An investigation by the Bureau of Investigative Journalismbased on a survey conducted by the Truth Initiative among 2,700 young Americans, aged 15 to 24, revealed that in the United States, every second, five disposable electronic cigarettes (puff type) are thrown in the trash despite containing reusable lithium-ion batteries and should follow a specific recycling process. Over a year, this waste represents 150 million devices, which contain enough lithium for around 6,000 Teslas.
Most disposable electronic cigarettes, known as “puffs”, contain a rechargeable battery but no charging port and are designed to be thrown away once the battery is depleted. The rapid development of these products poses a new environmental problem. They are produced in large quantities and include batteries composed of heavy metals, electronic circuits, plastic and liquid and nicotine residues which become massive and dangerous sources of waste. When they are poorly recycled or abandoned in nature, they decompose, releasing micro-plastics, thus polluting waterways, fauna, or flora.
A previous Bureau survey in the UK had already found that two disposable e-cigarettes were thrown into the bin every second in the UK, representing enough lithium to make around 1,200 electric car batteries over a year..
A product acclaimed by young people and poorly recycled by them
The Truth Initiative survey found that more than half of 15-24 year olds who vape use disposable devices. More than two-thirds of them (68%) throw their used device directly in the household trash, 13% in ordinary recycling bins, 9% threw them on the ground and only 8% sent them to suitable recycling facilities. recycling of electronic devices. With 19% of current vapers nationwide throwing five or more puffs in the trash each month, these devices are piling up and contributing to a growing global e-waste problem.
The Environmental Protection Agency (EPA) told the Bureau of Investigative Journalism that vapes are mistakenly disposed of in household trash because they are often labeled as “disposable”. This leads to the entire device, including its battery, being thrown away in the household waste. Lithium-ion batteries are defined as hazardous waste due to their toxic nature and propensity to catch fire when damaged. Despite this, it is perfectly legal to dispose of these batteries in household trash in the United States. In the European Union, electronic cigarettes must be subject to specialized recycling.
Manufacturers provide no guidance on how to properly recycle puffs
According to Truth, e-cigarette manufacturers are not properly informing consumers on how to dispose of their products safely and in an environmentally responsible way. For Puff Bar, the most popular puff brand in the United States, no indication is provided on the website regarding the recycling of these products.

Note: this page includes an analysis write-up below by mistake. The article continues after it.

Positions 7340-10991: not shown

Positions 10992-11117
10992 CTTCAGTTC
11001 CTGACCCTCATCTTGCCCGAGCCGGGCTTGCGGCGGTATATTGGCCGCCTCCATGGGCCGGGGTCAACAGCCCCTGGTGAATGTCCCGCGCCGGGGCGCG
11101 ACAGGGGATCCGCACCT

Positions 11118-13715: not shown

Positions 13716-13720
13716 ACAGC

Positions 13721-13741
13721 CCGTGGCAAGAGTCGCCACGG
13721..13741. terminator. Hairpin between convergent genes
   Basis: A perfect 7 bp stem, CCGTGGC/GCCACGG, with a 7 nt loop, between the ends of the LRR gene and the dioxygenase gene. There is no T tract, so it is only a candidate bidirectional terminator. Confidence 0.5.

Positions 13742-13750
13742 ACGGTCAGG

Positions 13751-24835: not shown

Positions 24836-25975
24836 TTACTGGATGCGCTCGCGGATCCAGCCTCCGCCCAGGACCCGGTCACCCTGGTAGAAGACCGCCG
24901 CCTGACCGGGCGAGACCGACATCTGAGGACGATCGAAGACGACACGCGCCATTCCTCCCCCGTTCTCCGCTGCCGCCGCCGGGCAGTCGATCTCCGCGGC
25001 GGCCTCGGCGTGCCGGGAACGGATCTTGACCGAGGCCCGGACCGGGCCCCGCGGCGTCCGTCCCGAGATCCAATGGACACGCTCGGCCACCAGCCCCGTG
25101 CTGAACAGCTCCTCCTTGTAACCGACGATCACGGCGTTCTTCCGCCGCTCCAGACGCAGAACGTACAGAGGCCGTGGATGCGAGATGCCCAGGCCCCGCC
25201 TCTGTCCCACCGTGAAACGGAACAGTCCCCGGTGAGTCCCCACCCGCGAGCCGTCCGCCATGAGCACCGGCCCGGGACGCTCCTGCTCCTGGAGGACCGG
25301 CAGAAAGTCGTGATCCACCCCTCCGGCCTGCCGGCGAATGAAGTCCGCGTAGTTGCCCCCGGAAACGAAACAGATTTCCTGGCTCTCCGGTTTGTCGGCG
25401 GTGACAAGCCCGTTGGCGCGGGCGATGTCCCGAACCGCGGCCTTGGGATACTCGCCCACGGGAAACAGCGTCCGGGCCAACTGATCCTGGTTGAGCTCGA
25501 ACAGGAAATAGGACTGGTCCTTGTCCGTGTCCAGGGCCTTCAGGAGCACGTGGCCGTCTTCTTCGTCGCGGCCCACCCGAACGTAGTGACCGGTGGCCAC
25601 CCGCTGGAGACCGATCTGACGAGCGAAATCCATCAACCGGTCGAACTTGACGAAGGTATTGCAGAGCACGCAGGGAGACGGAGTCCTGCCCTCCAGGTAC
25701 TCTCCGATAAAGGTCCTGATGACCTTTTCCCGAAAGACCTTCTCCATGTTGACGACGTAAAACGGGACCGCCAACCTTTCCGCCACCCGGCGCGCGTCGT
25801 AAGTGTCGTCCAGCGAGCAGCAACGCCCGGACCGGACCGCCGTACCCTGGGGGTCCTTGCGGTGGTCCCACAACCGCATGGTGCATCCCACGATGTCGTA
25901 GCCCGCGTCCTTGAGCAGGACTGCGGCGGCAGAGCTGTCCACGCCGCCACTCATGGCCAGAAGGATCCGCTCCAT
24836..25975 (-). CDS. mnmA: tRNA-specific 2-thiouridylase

Federal guidelines on disposal of vaping products are limited and focused on refillable devices with removable components. The Food and Drug Administration (FDA) advises users not to dispose of components, waste e-liquid, or pods in the trash, and advises that such waste should be taken to hazardous waste facilities, and removed batteries sent to certified electronic battery recyclers. This directive does not apply to disposable devices: it is dangerous to remove the liquid container and lithium batteries from disposable devices, as punctured batteries can easily start a chemical fire and e-liquids can contaminate the environment.
To address these issues, Truth recommends that the EPA and FDA develop federal regulatory guidelines to require vaping product manufacturers to develop waste management processes and recycling programs and provide penalties. in the event of industry non-compliance. For disposable devices, the organization wants the ban on the sale of these products at the local and state levels. Some localities have already done so, including Monterey, Monterey County and San Benito County in California.
Keywords: Disposable electronic cigarettes, puffs, environment, lithium, recycling, waste, Truth, pollution
 Matthew Chapman, Lithium being trashed by the ton as disposable vapes flooding the US marketThe Bureau, published December 15, 2022, accessed December 16, 2022
 Most young users put disposable e-cigarettes in trash, creating huge streams of toxic and hazardous waste, as companies fail to take responsibilityTruth Initiative, published December 15, 2022, accessed December 16, 2022
 Tobacco Free Generation, A majority of disposable e-cigarettes are not recycled and end up in landfillspublished July 19, 2022, accessed December 16, 2022
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United States: millions of non-recycled puffs end up in the trash
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